The headline in today's Faribault Daily News is typical of those Bluestem is reading in newspapers across the state: Local tax bills could spike with homestead credit change.
Those tax bills are property taxes.
FDN's Jaci Smith reports:
. . .a measure that moved quietly through the capital’s various committees and wound up in the final budget enacted in St. Paul has the capability of negatively impacting the tax bill of every property owner in the state.
Last week, Keith Carlson, executive director of the Minnesota Inter-County Association, spoke to the Rice County Board of Commissioners about the elimination in 2012 of the state’s homestead credit.
Under the credit, the state paid part of the taxes for any property labeled a homestead and whose market value was under $450,000. But this year the state replaced the credit with the Homestead Market Value Exclusion. Here’s how it works: On a sliding scale that starts at 40 percent for properties worth $76,000 or less and covers homestead-designated properties up to $414,000, the exclusion shaves a portion of the property’s value before figuring the tax.
But here’s the kicker: There is no reimbursement for that exclusion from the state. So, with that much less property to tax, local governments will likely have no choice but to raise tax rates just to have the same amount of money as last year. Or, they can make drastic cuts to their budgets.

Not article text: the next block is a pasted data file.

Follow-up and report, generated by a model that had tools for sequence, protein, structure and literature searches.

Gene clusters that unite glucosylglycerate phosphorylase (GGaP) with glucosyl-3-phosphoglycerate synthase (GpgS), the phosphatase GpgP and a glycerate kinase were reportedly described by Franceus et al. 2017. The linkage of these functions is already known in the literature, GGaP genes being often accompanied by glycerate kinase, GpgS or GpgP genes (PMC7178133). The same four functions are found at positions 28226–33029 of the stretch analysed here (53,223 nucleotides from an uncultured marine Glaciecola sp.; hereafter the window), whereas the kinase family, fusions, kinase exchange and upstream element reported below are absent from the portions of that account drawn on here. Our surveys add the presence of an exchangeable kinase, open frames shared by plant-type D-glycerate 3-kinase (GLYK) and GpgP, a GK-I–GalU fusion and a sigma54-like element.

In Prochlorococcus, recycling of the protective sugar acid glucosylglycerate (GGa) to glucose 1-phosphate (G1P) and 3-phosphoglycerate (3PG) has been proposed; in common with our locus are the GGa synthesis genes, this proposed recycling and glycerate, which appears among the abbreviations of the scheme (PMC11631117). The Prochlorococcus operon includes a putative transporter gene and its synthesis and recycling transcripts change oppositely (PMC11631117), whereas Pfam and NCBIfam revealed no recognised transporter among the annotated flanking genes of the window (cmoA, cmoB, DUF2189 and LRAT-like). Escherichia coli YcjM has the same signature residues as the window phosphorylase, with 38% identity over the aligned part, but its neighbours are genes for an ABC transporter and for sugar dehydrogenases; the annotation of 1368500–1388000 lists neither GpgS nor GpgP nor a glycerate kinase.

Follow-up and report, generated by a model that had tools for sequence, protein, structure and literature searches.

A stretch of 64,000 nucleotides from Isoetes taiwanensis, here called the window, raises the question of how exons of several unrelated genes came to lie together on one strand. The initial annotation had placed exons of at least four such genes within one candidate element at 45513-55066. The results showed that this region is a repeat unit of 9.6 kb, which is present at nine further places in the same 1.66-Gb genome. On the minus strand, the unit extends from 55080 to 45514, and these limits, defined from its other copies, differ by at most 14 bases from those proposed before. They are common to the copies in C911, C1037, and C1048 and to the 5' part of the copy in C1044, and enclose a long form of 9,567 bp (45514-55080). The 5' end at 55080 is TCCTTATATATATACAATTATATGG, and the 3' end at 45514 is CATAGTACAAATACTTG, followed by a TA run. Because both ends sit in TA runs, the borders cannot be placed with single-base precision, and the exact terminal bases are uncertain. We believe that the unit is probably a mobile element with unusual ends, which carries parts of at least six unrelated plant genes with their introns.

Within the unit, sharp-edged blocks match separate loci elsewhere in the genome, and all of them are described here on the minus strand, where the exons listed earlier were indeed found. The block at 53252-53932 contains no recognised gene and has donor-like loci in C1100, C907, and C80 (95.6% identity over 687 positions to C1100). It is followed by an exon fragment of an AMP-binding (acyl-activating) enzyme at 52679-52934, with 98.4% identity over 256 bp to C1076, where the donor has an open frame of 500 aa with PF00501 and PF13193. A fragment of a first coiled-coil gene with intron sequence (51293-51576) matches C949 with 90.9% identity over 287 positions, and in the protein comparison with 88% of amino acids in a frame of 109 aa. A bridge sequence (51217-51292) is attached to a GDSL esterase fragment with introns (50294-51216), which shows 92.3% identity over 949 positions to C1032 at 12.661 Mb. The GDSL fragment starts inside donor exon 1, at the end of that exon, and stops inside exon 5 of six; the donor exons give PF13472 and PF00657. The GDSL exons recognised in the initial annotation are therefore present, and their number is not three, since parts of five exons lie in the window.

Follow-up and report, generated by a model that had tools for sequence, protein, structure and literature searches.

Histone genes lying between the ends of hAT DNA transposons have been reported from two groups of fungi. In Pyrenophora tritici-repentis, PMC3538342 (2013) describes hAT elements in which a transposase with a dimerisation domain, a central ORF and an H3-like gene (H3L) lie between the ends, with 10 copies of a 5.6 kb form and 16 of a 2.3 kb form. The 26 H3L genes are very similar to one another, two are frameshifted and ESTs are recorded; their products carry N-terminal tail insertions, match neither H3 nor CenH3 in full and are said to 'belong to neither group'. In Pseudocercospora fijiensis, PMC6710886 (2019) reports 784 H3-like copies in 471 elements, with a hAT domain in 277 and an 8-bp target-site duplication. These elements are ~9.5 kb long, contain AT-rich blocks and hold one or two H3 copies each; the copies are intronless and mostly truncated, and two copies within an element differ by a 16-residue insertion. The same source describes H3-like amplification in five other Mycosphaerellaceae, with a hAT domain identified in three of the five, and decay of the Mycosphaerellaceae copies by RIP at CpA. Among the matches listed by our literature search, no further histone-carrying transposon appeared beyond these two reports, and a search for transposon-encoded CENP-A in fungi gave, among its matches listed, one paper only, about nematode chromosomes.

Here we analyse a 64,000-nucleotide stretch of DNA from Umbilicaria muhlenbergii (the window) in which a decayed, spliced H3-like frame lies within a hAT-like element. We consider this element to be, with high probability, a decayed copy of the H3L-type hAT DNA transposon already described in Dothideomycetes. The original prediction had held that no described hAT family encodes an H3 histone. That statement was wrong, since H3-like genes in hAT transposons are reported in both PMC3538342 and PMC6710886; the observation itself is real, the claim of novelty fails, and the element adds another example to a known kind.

So whose idea was this, anyway? Good question, and Minnesota House Tax Czar Greg Davids is working very, very hard to be Mr. Accountability on this one, as a public spat with Governor Dayton demonstrates.
Not that Davids doesn't think raising your property taxes is a bad idea.
On Wednesday, West Central Tribune staff writer Carolyn Lange reported in Key lawmaker says tax credit elimination is right decision:
The elimination of the homestead tax credit on property taxes will mean tax increases for most property owners but should be a more stable funding mechanism for counties and cities.